i. “Civilization exists by geological consent, subject to change without notice” (the opening quote of the first chapter; the quote is by Will Durant)
ii. “iron accounts for about one-third of the mass of the Earth. [...] Very early in its history, possibly in the first few hundred million years, the Earth underwent a profound reorganization after it warmed to the temperature at which iron melts. Approximately one-third of the primitive planet’s material sank to the center, and in the process a large part of the body was converted to a partially molten state. [...] The molten material, being lighter than the parent material from which it separated, floated upward to cool and form a primitive crust. Core formation was the beginning stage of the differentiation of the Earth, in which it was converted from a homogenous body, with roughly the same kind of material at all depths, to a zoned, or layered, body with a dense iron core, a surficial crust composed of lighter materials with lower melting points, and between them the remaining mantle [...] Differentiation is perhaps the most significant event in the history of the Earth. It led to the formation of a crust and eventually the continents. Differentiation probably initiated the escape of gasses from the interior, which eventually led to the formation of the atmosphere and oceans.”
iii. “What the pioneers of nuclear physics discovered at the turn of the century was that atoms of certain elements, the radioactive ones, spontaneously disintegrate to form atoms of a different element, liberating energy in the process. The important reason why radioactive decay offers a dependable means of keeping time is that the average rate of disintegration is fixed and does not vary with any of the typical changes in chemical or physical conditions that affect most chemical or physical processes.”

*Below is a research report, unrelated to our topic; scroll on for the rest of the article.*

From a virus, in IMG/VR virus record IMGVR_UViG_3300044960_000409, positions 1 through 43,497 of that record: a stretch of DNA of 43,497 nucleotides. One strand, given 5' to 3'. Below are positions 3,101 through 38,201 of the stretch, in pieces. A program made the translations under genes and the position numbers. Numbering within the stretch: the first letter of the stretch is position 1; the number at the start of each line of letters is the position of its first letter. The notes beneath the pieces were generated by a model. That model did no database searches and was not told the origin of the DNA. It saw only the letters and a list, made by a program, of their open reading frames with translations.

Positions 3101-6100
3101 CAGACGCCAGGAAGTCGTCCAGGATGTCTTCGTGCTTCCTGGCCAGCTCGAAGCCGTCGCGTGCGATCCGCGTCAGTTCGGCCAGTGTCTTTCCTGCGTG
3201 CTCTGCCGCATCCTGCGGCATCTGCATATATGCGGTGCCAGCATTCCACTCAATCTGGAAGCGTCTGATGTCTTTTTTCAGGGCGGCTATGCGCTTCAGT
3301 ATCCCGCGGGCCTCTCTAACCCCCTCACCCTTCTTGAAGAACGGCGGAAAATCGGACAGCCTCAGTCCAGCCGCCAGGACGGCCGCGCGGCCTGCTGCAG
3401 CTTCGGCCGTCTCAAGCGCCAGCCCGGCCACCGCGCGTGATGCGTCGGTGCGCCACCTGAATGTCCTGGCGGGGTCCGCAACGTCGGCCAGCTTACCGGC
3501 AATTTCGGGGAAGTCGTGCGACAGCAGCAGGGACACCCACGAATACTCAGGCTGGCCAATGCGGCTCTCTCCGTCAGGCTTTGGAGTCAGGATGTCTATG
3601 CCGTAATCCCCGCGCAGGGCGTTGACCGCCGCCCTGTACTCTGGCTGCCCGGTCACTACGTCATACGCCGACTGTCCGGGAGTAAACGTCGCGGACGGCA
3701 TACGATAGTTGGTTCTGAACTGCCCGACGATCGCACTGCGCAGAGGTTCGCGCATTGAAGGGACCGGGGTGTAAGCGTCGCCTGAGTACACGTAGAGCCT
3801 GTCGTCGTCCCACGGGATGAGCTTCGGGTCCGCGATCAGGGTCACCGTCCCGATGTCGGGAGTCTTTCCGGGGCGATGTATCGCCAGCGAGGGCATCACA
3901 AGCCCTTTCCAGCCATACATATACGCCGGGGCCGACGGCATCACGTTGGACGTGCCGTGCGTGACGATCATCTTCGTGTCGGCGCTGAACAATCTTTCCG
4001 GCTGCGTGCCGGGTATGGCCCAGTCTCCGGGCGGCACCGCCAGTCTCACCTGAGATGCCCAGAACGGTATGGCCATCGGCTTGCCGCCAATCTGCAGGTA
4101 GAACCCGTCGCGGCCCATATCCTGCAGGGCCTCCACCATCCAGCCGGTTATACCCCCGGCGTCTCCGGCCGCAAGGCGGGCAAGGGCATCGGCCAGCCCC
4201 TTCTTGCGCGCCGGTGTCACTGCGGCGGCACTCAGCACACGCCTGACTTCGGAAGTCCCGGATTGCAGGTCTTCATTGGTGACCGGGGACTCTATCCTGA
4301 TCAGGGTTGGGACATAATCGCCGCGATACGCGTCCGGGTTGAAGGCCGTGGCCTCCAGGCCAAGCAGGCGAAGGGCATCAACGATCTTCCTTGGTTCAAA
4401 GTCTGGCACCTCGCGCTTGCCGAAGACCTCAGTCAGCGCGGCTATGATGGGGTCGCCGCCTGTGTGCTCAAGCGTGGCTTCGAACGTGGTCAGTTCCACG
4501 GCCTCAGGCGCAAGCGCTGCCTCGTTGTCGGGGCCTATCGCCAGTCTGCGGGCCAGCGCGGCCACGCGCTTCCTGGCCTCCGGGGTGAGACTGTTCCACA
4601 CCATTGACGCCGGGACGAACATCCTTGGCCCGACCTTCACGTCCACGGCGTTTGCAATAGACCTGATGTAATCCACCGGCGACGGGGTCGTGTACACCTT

iv. “A soil takes a long time to form. Many hundreds to several thousands of years may be required for an A horizon to evolve to the point that there is a mat of decayed vegetation and organic matter with altered minerals and clays. The formation of a B layer [see previous link] takes even longer, from 10,000 to 100,000 thousand years. A soil that has evolved to maturity is in a steady state, in dynamic equilibrium with its climate. As soil is very slowly eroded from the top by natural processes – and by plowing and tilling – it is gradually deepened by chemical reaction. If erosion is rapid, chemical decay cannot keep up, and the soil is thinned [...] Over the whole United States soil erosion accounts for a loss of 2 billion tons of topsoil, twice the amount of soil formed each year.” [remember here that the book is from 1986]
v. “The higher the mountains, the faster erosion wears them down. But as long as mountain building continues, tectonics prevails and altitudes increase. As tectonic movement slows – not because of any important effect of erosion but because its own machine starts running down – the mountains rise at a slower pace. For a time erosion keeps up with uplift, and the mountains do not change in elevation. Then as uplift slows further, erosion becomes dominant and the elevations begin to lower. As the lowering proceeds, the erosion slows too, the whole process eventually tapering off. The relief is constantly diminished by wearing away of the mountain tops and filling in of valleys and low spots by sedimentation of the erosional debris. Sedimentation, the consequence of erosion, acts to depress relief. [...] Low areas, whether stable or subsiding, rarely persist for long because they are the natural dumping grounds for sediment.”